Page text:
Things I have learnt working in jobs I hate.

by rodney on April 15, 2013

We all at some point in our lives work in jobs that we absolutely hate. As much as we try to avoid it, this is a reality. The saddest part of this reality is that many people are not only currently in the jobs they hate but they will stay there, too afraid of leaving.

During my working years, I have worked in a lot of jobs, many of which I absolutely hated. Some of these jobs have included supermarket shelf stacker, fast food manager, door to door sales, apprentice chef, pizza delivery driver, sandwich hand and telemarketer, to name a few. Even though these were jobs I hated, they have taught me valuable lessons which have helped to guide me the work I’m doing today. Without these negative experiences, I wouldn’t be in the fortunate situation I’m in today.

Below are some of the most important lessons that I have learnt. I understand that everyone’s situation and circumstances are different, but I do think these lessons can be adopted and applied to everyone and every situation.

Have good support.

One of my first jobs I had after leaving school was at the local McDonalds. Within a couple of years I had become a manager- it was a total disaster. This taught me a lot about leadership and management, mostly what not to do. What made this experience such a train wreck was the lack of support I had from the managers above me. Morale was low and all the senior managers were under pressure to get their jobs done, no one had time for helping and guiding me for handling situations I was not used to. The fact that I had completed training led to the belief that I was able to do all the things managers with years of experience, so whenever I asked for help, I was met with hostility. My confidence shattered and I felt incompetent and worthless. This would have been the opposite had I had good support around me. You need good support from everyone around you to help you do your job effectively and enjoy your job. Do you have good support in your job?

Have passion for your job/industry

One of the longest jobs I had was an apprentice chef working in a number of pub/hotel bistros. This was a job I fell into. I had been unemployed for a while so when the opportunity came along to do an apprenticeship that could turn into a career came along, I took it. What I was to eventually learn that the job and even the industry was not my passion. Once I had become accustomed to my job, I stayed in my comfort zone, not wanting to move or expand. I was coasting through life and through work with no ambition. It wasn’t long before I generally felt flat. You need passion in your life to ignite that spark and feel alive. Since we spend most of our time working, most of that passion needs to come from your work. What are you passionate about?

Don’t start work at 6am if you’re not a morning person

Once I had a job as kitchen hand working for a corporate catering company. My job was to prepare food to be delivered by midday, which meant I had to start work at 6am. The problem with this is I’m not a morning person. I would much rather work until late than start early- and there’s nothing wrong with that. I struggled to wake early and get focused into my work. Sure, I did finish early every day, however because of the early start, I was tired and wasn’t very productive. As a result, I began to hate the job. This job taught me to know what limits you have. If you’re not a morning person, don’t start at 6am, if you don’t like to be indoors all day, don’t get an office job, if you hate travelling, don’t get a job over an hour away, if you don’t like kids, don’t work in a child care centre, if you’re germ phobic, don’t work in a hospital…. You get the idea. What are your limits?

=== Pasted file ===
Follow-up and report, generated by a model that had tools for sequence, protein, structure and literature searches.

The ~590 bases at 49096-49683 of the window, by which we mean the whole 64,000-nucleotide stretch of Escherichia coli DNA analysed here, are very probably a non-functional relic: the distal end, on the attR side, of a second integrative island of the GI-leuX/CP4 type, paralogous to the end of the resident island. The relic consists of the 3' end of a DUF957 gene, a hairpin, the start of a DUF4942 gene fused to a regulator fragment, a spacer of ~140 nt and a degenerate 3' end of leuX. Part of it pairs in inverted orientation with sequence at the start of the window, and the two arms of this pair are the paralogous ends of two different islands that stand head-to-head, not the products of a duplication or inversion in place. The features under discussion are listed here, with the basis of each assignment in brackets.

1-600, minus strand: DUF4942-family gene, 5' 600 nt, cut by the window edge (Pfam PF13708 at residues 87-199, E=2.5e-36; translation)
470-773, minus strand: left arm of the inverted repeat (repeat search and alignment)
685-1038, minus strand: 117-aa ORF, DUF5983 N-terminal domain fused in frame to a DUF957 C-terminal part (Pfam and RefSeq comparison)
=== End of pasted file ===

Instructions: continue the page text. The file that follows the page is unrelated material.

Don’t do jobs that you’re emotionally unsuited for.

I have done a few stints in telemarketing and door to door/commission only sales. These would probably be the shortest jobs I’ve ever had and the ones I’ve hated the most. Reason being, these jobs come with them a high rate of rejection and hostile customers. People were really angry at me for interrupting them at home and trying to “sell” them stuff. I didn’t take the rejection and hostility well (I had never taken these well) and often found myself in tears, not wanting to make another call or knock on another door. Many people feel stuck in jobs they are emotionally unsuited for because that’s all they’re trained to do and end up hating it. I understand that many times you start a job and then realise after that maybe it’s not for you, and that’s fine, but don’t stay there especially if it affects you negatively on an emotional level. You need to find what makes you feel good. What are you emotionally suited for?

Don’t do it for the money.

Doing these jobs took over 10 years of my life. 10 years of energy that I will not get back and why? Like the rest of us, I needed money. That’s why we all work isn’t it? Why we stay in jobs we hate, for the money. That money comes at a cost, time and energy. The sad part is, we can’t get that time and energy back, however, we can make back that $50,000 per annum we made. I’m sitting here, wishing I found this work 10 years ago. If you’re spending precious energy and time in a job you hate, the money is not worth staying. You can put that time and energy into something you love and still make the money- possibly more. What do you want to spend your time and energy on?

Mind you, it’s not only the jobs I’ve hated that have taught me lessons. In the next article, I’m going to share the lessons I’ve learnt working in the jobs I’ve loved.

If you’re currently in a job that you hate, I hope some of the lessons I’ve shared will help you re-evaluate your situation and lead you to a working life you love.

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